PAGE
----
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Austin, TX 78701
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Faulk Central Library’s most recent meeting of The Graphic Novel Book Club included a discussion of Frank Miller’s Batman: The Dark Knight Returns. Miller’s Batman books are considered classic comics/graphic novels so I was looking forward to see what they hype was about. Frankly though, I struggled to get through it and couldn’t help thinking, “What’s the big whoop?” (I have a really cool internal monologue.) I thought the artwork was cramped and sometimes hard to make out; there was a ton of text on each page and it was sometimes difficult to follow; and there are parts that really rely on background knowledge of this particular universe which I lacked.
Part of this lack of enthusiasm comes from, I’m sure, my general lack of enthusiasm about “comics” in general. But really, I just couldn’t figure out why this particular version of Batman was a big deal. Luckily, my fellow graphic novel book clubbers are a well read and thoughtful bunch of people who were able to point out to me that 30 years ago, when The Dark Knight was published, it was a statement that comics, and books that use a comic format, could be for adults. Suddenly, the comics world wasn’t all Archie comics and cutesy superheroes. In the early to mid-1980s, adult readers were given The Watchmen, Dark Knight and Maus and suddenly the genre’s appeal widened significantly.
As an English major, this is something I probably should have figured out on my own but, as many graphic novels as I’ve read, I still sometimes struggle to think of them in the same terms as novels. So, although I hope to never read this particular book again, I’m thankful that it helped paved the way for books like Strangers in Paradise, Saga, and Fun Home. Maybe I’ll even muster the energy to give Batman: Year One a try. Or maybe I’ll just wait until book club and let someone summarize it for me.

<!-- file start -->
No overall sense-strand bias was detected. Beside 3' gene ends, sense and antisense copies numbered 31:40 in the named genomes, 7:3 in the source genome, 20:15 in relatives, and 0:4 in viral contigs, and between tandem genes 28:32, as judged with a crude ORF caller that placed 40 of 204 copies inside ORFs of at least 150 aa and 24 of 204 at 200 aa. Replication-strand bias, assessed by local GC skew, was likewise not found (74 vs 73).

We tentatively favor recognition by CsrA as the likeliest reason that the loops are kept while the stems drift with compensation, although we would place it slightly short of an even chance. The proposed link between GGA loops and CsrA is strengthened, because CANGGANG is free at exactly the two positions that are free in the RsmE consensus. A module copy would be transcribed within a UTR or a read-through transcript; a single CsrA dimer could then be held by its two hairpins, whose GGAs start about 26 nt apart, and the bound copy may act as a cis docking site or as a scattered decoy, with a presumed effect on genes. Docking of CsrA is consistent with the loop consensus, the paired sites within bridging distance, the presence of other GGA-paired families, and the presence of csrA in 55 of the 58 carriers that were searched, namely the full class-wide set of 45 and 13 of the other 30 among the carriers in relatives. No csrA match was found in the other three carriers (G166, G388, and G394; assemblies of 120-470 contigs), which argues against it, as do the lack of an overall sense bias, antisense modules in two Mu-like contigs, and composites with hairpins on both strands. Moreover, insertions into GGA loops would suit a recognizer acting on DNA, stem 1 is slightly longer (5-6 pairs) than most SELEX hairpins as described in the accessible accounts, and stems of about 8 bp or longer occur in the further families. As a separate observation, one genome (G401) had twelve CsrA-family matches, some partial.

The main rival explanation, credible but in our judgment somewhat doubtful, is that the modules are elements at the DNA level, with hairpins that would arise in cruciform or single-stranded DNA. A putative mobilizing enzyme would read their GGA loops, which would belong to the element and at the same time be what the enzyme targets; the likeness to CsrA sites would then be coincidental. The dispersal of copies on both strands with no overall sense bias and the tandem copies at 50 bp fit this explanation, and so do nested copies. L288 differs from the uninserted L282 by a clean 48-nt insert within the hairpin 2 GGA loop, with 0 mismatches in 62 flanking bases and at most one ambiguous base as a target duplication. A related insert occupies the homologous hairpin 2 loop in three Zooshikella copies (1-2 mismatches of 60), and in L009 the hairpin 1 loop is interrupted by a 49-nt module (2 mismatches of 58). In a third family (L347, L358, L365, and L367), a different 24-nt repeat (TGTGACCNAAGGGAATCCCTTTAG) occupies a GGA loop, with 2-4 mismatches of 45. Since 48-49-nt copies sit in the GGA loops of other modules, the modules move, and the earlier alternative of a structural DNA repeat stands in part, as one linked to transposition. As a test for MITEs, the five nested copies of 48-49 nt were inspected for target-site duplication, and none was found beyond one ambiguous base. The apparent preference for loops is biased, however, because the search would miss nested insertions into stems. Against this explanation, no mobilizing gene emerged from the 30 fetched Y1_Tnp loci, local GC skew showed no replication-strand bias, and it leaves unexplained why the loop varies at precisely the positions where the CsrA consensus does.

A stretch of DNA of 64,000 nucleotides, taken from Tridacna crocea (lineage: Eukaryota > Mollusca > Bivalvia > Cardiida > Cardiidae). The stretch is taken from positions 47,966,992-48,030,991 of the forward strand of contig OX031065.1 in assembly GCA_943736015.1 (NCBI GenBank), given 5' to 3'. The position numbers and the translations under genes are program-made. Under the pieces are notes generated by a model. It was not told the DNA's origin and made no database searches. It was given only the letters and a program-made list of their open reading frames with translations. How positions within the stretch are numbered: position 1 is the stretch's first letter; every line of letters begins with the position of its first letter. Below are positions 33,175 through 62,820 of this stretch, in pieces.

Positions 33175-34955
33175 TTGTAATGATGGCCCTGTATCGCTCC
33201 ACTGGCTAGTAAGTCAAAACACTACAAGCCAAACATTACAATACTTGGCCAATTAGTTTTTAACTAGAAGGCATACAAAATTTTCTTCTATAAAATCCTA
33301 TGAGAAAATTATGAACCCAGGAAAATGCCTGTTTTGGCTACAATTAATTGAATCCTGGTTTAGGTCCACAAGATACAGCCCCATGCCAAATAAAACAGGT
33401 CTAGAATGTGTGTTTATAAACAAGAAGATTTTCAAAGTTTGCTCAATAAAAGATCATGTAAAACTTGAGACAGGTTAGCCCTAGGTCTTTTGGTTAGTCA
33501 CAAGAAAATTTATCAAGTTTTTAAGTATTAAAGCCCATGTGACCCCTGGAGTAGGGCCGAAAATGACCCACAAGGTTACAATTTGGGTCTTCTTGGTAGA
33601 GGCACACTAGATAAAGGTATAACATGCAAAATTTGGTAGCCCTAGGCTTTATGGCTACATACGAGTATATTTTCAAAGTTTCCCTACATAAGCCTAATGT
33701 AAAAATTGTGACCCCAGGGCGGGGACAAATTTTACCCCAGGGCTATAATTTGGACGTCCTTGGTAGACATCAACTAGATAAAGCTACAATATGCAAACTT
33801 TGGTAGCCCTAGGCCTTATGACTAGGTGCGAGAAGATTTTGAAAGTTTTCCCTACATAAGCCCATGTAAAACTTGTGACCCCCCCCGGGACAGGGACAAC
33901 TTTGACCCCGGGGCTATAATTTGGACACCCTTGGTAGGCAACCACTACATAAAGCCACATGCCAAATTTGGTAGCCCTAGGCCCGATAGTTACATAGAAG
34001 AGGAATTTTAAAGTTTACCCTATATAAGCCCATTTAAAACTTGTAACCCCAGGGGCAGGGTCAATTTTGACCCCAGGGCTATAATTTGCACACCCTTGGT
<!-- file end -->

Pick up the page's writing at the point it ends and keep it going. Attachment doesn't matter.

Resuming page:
Anyone who saw the recent article about Hennepin County Library destroying thousands of books probably had a visceral reaction to the story. As we pointed out in our recent training videos about green weeding practices, not all books are created equal. While we would like to believe that all books are as glorious as those that Sonny Idecker, “That Rare Book Guy”, has showcased at the recent Texas Bookseller’s Association show here in Austin, we know better. Every week, Recycled Reads receives trunks and truckloads of old encyclopedias, travel guides, decades old text books and the like. Many are water damaged, bug infested, fuzzy with dog hair and cracking from age. There is no resale value in such castoffs, but that does not mean they belong in the landfill. Reuse and repurpose is the preferred alternative here in Austin. Austin Public Library has distinguished itself as a national model because we do not throw books in the trash. What we can’t sell may end up as book art, as the mainstay for papier-mâché piñatas or pulped into slurry for construction projects. While more readers are turning to print alternatives, which can be found in APL’s virtual library, many readers still prefer print. Print is not going away any time soon, but the distribution model may change and just in time printing becomes the norm. Eric Kampmann’s book The Insider’s Guide to Book Publishing Success may shed some light on the subject, which is a contrast to a book from just ten years ago entitled The Book Publishing Industry by Albert N. Greco, which ironically is an ebook.